Since about 2000, college tuition has increased massively in most places. At the same time, banks have remained eager to lend these students lots of money, even as credit requirements elsewhere tightened. As a result, Americans now owe over $1.5 trillion in education debt. If everything goes as planned for recent graduates, paying off student loans is usually not a problem. Many people might have to put off large purchases for a few years, but that’s a price most are willing to pay.
But as we know, everything does not always go according to plan. That’s basically the reason that the United States has such a generous bankruptcy law. In most cases, the debtors simply miscalculated, and they deserve fresh starts.
Student loans are much like Small Business Association loans. The borrower needs money for a certain purpose (going to school or starting a business), a private bank makes the unsecured loan, and the federal government guarantees that loan. SBA loans are dischargeable in a Chapter 7 or other consumer bankruptcy in Minnesota. Student loans had that same status, until Congress revised the Bankruptcy Code in the late 1970s. These revisions limited Minnesota student loan discharge to cases which involved an “undue hardship” or if a student loan had become “stale” – that is, the loan had been in active repayment status for at least seven years. In 1998 Congress eliminated “stale-ness” as a basis to discharge student loans in bankruptcy – so now the only way to discharge student loans is to prove that repayment of student loans works an undue hardship. But what does undue hardship mean?
The Brunner Rule
There’s an old saying among Minnesota bankruptcy attorneys that bad facts make bad law. That was certainly the case with regard to 1987’s Brunner v New York State Higher Education Services Corporation. Unfortunately, in this instance, the “bad law” which the “bad facts” engendered lasted for decades.
Marie Brunner obtained a graduate degree in social work and left school with about $9,000 in debt. That was a lot of money in the early 1980s, but not really an eye-popping total. Moreover, Ms. Bruner declared bankruptcy almost immediately after the repayment schedule began. She apparently made no effort to make payments or obtain a temporary deferral.
The court did not like Marie Brunner. So, the judge took the opportunity to harshly set out the meaning of an “undue hardship:”
- Inability to maintain a minimal standard of living (e. above the poverty line),
- The adverse circumstances are long-lasting, and
- The borrower made a good faith effort to repay the loan.
Ms. Brunner flunked all three prongs of this test. Future courts would rule in much the same way. That second prong torpedoed many Minnesota student loan discharge requests. Some courts surmised that, simply because the debtor had a college degree, things could possibly get better for the borrower.
Totality of the Circumstances
Over the years, Brunner became less and less applicable. As mentioned, student debt in Minnesota reached epic proportions. Furthermore, most people do not rush to the bankruptcy court when things get a little rough. In fact, bankruptcy is a last resort for many people.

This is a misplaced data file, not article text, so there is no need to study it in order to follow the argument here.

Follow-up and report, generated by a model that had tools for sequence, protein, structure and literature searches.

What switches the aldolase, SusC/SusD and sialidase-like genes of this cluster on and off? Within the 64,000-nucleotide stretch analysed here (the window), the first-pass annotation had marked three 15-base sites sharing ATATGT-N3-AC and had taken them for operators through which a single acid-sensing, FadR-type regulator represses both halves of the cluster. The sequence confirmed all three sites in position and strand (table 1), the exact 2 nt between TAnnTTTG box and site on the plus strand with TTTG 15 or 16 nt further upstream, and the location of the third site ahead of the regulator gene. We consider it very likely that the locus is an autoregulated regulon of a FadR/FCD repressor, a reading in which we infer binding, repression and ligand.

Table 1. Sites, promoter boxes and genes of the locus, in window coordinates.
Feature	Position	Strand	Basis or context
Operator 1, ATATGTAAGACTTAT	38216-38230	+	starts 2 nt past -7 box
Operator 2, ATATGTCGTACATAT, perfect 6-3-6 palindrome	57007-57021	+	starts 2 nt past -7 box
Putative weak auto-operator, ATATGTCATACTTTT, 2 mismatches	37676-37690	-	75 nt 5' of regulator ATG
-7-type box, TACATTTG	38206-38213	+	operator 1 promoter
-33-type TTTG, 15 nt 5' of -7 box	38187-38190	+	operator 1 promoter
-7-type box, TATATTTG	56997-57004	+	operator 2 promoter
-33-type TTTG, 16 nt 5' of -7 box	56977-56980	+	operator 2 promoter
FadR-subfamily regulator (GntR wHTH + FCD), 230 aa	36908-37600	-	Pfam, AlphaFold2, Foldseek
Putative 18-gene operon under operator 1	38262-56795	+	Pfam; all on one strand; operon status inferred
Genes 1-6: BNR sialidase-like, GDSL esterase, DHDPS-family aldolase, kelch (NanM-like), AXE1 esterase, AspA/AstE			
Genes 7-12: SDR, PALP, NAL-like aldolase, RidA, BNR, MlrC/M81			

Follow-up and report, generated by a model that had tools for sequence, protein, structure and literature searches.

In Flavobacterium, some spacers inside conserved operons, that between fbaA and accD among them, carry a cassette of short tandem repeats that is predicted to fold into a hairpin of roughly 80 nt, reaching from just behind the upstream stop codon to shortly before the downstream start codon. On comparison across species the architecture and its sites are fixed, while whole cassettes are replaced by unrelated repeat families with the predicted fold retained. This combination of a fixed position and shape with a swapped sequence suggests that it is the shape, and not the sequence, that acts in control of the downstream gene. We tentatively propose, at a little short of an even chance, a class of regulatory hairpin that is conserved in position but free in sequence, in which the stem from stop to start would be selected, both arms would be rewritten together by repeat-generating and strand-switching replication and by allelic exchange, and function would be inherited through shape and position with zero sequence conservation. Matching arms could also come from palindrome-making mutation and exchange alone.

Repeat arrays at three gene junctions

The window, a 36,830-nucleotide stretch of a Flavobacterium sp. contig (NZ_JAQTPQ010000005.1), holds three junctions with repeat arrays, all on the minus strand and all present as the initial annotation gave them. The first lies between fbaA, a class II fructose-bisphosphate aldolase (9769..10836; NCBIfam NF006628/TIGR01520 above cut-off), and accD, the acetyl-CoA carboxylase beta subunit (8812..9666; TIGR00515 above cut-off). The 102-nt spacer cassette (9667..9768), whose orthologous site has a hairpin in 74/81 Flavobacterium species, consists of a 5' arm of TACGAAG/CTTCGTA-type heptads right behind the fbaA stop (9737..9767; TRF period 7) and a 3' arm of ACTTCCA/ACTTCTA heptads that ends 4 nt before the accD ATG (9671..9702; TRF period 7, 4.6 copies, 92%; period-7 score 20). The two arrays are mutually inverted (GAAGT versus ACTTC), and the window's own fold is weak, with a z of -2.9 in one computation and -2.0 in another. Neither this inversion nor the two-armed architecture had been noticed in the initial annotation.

The forward-thinking Eighth Circuit, which includes Minnesota, was one of the first Circuits to express displeasure over the Brunner Rule’s harshness and inappropriateness. It was also one of the first courts to put these criticisms into practice and replace the old test with one that more accurately reflects the needs of today’s student loan borrowers in Minnesota.
In 2013’s Conway v. National Collegiate Trust, the Eighth Circuit replaced the Brunner rule with a totality of the circumstances test. To determine if discharge is proper, the bankruptcy court considers:
- Past, Present, and Likely Future Resources: Brunner required judges to consider how much money a debtor could possibly Conway requires judges to consider how much money the debtor will probably make. There is a big difference between the two.
- Reasonable Necessary Living Expenses: Most college graduates do not expect to live in mansions and drive Italian sports cars, but they do expect to live somewhat comfortably. In this context, that’s the essence of “reasonable necessary living expenses.”
- Any Other Relevant Factors: This last prong obviously gives a Minnesota bankruptcy judge a great deal of leeway in these situations. If the debtor is at all sympathetic, that leeway usually works in the debtor’s favor.
A quick contrast between Marie Brunner and Chelsea Conway may be instructive. Ms. Conway had a B.A. (not a graduate degree) and a staggering $118,000 in student debt. She had tried to make payments on and off and had exhausted her remedies in terms of temporary deferrals. She had also had and lost a series of jobs through no fault of her own.
The bottom line is that if you have a large student loan balance, have limited financial means, and have made some efforts to address your student loan, there is a very good chance you will receive at least a partial discharge in Minnesota. Obviously, there is no guarantee. But, the fight is not exactly tilting at windmills.
Bankruptcy erases some Minnesota student loans. For a free consultation with an experienced bankruptcy attorney in Minnesota, contact Kain & Scott. We offer free credit repair to our clients.